There is a saying that old age doesn’t come alone. Common conditions associated with progressing years are numerous, and previously many people just accepted them as part of life. But research has shown that diet and exercise can work to reduce the risk of conditions such as heart disease, stroke, high blood pressure, high cholesterol, vascular disease and diabetes. Other signs common when aging which can be impacted by diet and a healthy lifestyle are osteoporosis, certain cancers, hair and nail diseases, and visual and memory problems.
A diet for an average person must be balanced and provide the correct amounts of vitamins and minerals required to sustain a healthy body. It must also avoid too much saturated fat. Older people require this but in addition it’s a good idea to consider vitamin supplements, additional minerals and ensure that lots of fluid is taken daily.
We all need proteins, limited amounts of fat, carbohydrates, vitamins and minerals in our diet to remain healthy. A balanced diet aims to supply everything in the correct amounts. Fruit and vegetables are high in fiber too. This helps reduce constipation and aids regularity.
The amount of food eaten is also something to be addressed. If you eat a balanced diet but eat too much then you will still gain weight. Ensure moderate portion sizes and aim to eat around 2,000 calories a day. An important point is that ‘empty calories’ should be avoided. A food containing empty calories is one which does not have good nutritional value but has a high calorific content. This would be things like chips, cakes, cookies and alcohol.
Although it is stated that people should always drink plenty of water it should be noted that some people with heart or kidney conditions may be advised by their doctors to avoid too much fluids. They may also be told to avoid salt. Other people may be put on specialized diets, for example people with diabetes may be put on a carbohydrate controlled diet.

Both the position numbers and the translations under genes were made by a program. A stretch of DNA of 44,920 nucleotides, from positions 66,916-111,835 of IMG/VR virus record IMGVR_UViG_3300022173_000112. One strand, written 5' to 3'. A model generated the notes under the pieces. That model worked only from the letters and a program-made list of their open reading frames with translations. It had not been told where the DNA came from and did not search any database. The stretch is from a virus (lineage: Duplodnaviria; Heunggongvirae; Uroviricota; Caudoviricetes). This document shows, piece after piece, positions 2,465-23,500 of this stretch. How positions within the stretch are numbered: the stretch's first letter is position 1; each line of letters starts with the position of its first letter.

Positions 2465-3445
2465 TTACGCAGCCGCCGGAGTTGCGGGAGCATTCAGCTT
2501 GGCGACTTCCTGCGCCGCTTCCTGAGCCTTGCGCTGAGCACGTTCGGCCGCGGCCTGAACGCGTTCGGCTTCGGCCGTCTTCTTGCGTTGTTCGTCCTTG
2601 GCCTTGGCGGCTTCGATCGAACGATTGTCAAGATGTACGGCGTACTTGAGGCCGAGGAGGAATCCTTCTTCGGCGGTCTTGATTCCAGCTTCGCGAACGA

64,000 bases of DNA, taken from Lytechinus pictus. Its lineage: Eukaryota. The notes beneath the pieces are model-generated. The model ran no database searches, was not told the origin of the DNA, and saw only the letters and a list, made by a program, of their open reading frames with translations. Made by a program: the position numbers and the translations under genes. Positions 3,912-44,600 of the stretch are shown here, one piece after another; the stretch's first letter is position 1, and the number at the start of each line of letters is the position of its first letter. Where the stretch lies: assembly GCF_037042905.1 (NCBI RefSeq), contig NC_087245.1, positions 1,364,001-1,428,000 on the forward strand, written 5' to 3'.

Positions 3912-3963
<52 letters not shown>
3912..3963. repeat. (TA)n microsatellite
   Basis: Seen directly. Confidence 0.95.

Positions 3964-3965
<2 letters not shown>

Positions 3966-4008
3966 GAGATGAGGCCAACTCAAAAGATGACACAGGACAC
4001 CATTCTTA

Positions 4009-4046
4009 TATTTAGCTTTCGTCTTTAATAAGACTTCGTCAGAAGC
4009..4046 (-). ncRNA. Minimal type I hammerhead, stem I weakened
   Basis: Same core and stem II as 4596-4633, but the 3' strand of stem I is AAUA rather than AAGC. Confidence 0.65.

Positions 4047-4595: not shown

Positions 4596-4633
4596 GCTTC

Disease prevention and promotion of a good lifestyle are some of the benefits of exercise. The exercise must be regular and moderately aerobic to provide the best benefits. Routine physical activity in older people has been seen to have a therapeutic effect on many conditions such as lowering the risk of stroke, heart disease and some cancers. Exercising regularly has also been seen to help lower cholesterol levels and lower blood pressure. By strengthening muscles and helping balance the risk of falling can also be lowered. All these small individual points combine to provide benefits to the patient.
Health benefits of exercise are numerous. For example it can build up physical endurance and aid delivery of oxygen to tissues. It is also important to help maintain healthy muscles and bones and keeps the heart and lungs healthy. It has also been found that cholesterol levels can be reduced because of exercise and most people sleep better and are normally in a better mood too.
Most national and international health agencies now promote the taking of regular exercise. They take regular exercise to mean around 3 to 5 times a week for at least 30 minutes each time for elderly people. A moderately aerobic workout would be a successful exercise. This is one which increases the heart rate to no more than 75% of maximum heart rate. To calculate your maximum heart rate just subtract your age from the number 220.
Good exercises for the older person are walking and swimming. If an exercise machine is used then guidance on how to use it safely must be given before exercising, but these are safe and can help produce a good and varied workout. Exercises dealing with balance, flexibility and resistance exercises can also be beneficial. Yoga is a good way to incorporate these types of exercise into a routine.
It is better to exercise with a friend or in a class and if any symptoms like chest pain or tightness or excessive shortness of breath occur then stop and have a rest. Your doctor should also be informed of the episode.